Douglas then encouraged the panelists to talk about potential solutions to this complex and far-reaching problem.  The discussion ranged from entreaties to reduce (and ideally cease) meat consumption to policy recommendations about corn and soy subsidies to an analysis of the role that class, tradition, and culture play in our food choices.

Though the panelists agreed that the problem can be daunting, the ultimate tone of the evening was one of guarded optimism.  Easton stressed the fact that there seems to be a groundswell of interest in this topic reflected everywhere from Michelle Obama’s initiatives to the popularity of farmers markets; Benzaquen talked about the fact that unlike other social justice issues, food and nutrition issues can be tackled through individual and incremental actions.

A Focus on Food

Sheila Mahoney and Gordon Douglas '55

Gordon Douglas ’55 and Sheila Mahoney are committed to communicating and helping to find solutions to the perils of industrial food production. They approached the Princeton AlumniCorps Board with a plan to help increase the number of fellowship placements focused on this important public health issue. Here is an update from Gordon and Sheila on their work to bring attention and expertise to this issue through our fellowship program:

Our idea for food fellowships was presented to the Board of Directors of AlumniCorps on September 25, 2010. The problem addressed in the proposal is modern industrial food production (“factory farming”) and its devastating effects on human health, the environment, and on animal welfare. The marked rise in obesity and Type II diabetes plus sustained high rates of cancer and heart disease are directly attributable to modern food production.

With the goal of creating fellowships in this very important area we have been approaching nonprofit organizations that are working on making the facts clear, increasing public awareness of the issues and promoting sustainable alternatives. Fellowships may be focused in a variety of areas including public policy, science, public health, alternative agriculture initiatives, and advocacy.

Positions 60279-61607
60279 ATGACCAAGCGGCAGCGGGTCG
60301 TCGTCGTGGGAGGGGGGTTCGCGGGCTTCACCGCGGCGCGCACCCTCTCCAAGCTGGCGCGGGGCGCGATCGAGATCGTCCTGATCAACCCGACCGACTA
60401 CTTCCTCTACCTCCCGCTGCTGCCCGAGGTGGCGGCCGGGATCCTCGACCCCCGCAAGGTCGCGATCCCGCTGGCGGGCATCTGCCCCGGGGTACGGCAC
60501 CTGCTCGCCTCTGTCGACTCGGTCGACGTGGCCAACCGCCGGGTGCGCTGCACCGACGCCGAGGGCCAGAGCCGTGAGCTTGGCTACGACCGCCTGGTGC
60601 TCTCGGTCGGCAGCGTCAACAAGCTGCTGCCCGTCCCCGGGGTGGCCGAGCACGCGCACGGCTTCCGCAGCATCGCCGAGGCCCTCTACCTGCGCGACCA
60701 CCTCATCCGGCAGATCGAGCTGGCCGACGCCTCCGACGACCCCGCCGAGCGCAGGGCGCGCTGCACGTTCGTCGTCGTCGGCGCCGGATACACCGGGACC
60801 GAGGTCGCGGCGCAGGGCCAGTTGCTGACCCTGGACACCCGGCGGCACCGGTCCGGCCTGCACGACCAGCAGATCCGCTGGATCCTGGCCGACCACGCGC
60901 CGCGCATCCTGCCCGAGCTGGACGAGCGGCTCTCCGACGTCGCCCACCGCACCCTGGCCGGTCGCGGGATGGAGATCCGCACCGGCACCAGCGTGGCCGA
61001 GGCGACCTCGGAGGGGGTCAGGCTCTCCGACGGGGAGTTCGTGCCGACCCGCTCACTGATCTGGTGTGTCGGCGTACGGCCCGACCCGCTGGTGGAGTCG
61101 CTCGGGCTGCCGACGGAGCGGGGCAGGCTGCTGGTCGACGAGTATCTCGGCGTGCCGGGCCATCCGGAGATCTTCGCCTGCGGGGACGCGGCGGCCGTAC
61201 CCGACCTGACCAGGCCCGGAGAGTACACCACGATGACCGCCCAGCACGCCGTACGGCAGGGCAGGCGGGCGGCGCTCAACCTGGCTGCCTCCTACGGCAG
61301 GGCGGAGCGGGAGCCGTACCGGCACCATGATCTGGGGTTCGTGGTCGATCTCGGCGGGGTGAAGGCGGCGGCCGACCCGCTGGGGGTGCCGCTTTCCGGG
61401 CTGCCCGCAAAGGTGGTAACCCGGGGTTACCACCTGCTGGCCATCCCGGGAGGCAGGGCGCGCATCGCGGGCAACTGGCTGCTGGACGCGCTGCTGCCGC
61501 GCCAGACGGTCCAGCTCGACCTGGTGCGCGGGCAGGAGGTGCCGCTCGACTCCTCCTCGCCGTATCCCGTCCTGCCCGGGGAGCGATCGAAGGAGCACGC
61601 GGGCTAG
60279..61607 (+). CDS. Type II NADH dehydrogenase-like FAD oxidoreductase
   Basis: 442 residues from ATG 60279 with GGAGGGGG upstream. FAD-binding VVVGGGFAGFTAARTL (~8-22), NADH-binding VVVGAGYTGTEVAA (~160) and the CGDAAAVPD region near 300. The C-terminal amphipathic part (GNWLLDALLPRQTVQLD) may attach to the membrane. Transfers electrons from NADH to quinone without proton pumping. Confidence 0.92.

Some of the most active organizations with whom we are in contact are Pew Charitable Trusts, Union of Concerned Scientists, Center for a Liveable Future at Johns Hopkins, Center for Science in the Public Interest and the Humane Society of the United States. They have all been very enthusiastic about the program. Additional organizations that have indicated interest include universities, health departments, foundations, state and community food programs, and more. One of the officers at the Pew Charitable Trusts called this the “new environmental movement.”

We plan to continue to email you with updates and we welcome your involvement.

Gordon Douglas ‘55
Sheila Mahoney

For more information, email project55@alumnicorps.org

Project 55 Fellowship Program Update

The deadlines for the Project 55 fellowship program may be in December (3rd for organizations and 15th for students), but October and November are certainly the months to put things in motion. Area committee members have diligently been sending in organization contact information, students have been trickling in through our offices, and there is a steady stream of emails from people who want to know more. How does the process work? How can they take part?

The first major applicant information event of the month occurred on the first day of the month: Friday, October 1st was Princeton Career Services’ General Interest Career Fair. More than 80 students stopped by the Princeton AlumniCorps’ Project 55 table and filled out a sign-up sheet, including 74 seniors. The students had varying degrees of familiarity with Project 55 fellowships: from knowing just our name, to knowing current fellows, to knowing what organization they envisioned themselves at next year.

We also held an information session on October 12th that was well attended by approximately 40 enthusiastic students. Katie Ko ’09, Scott Welfel ’06 and Julianne Grasso ’10 spoke about their fellowship experiences in New York, Newark and Philadelphia respectively. We will be participating in three information sessions in November: a November 9th panel hosted by Career Services featuring staff from Princeton AlumniCorps as well as Princeton in Asia, Princeton in Africa, and Princeton in Latin America; a panel event hosted by the Princeton Varsity Club aimed at reaching student athletes on November 16th; and a Project 55 fellowships information session on November 17th.

Alumni interviews with fellowship applicants take place in Princeton in January. If you’re interested in helping to interview fellowship applicants or learning more, please contact Sara Gordon at project55@alumnicorps.org.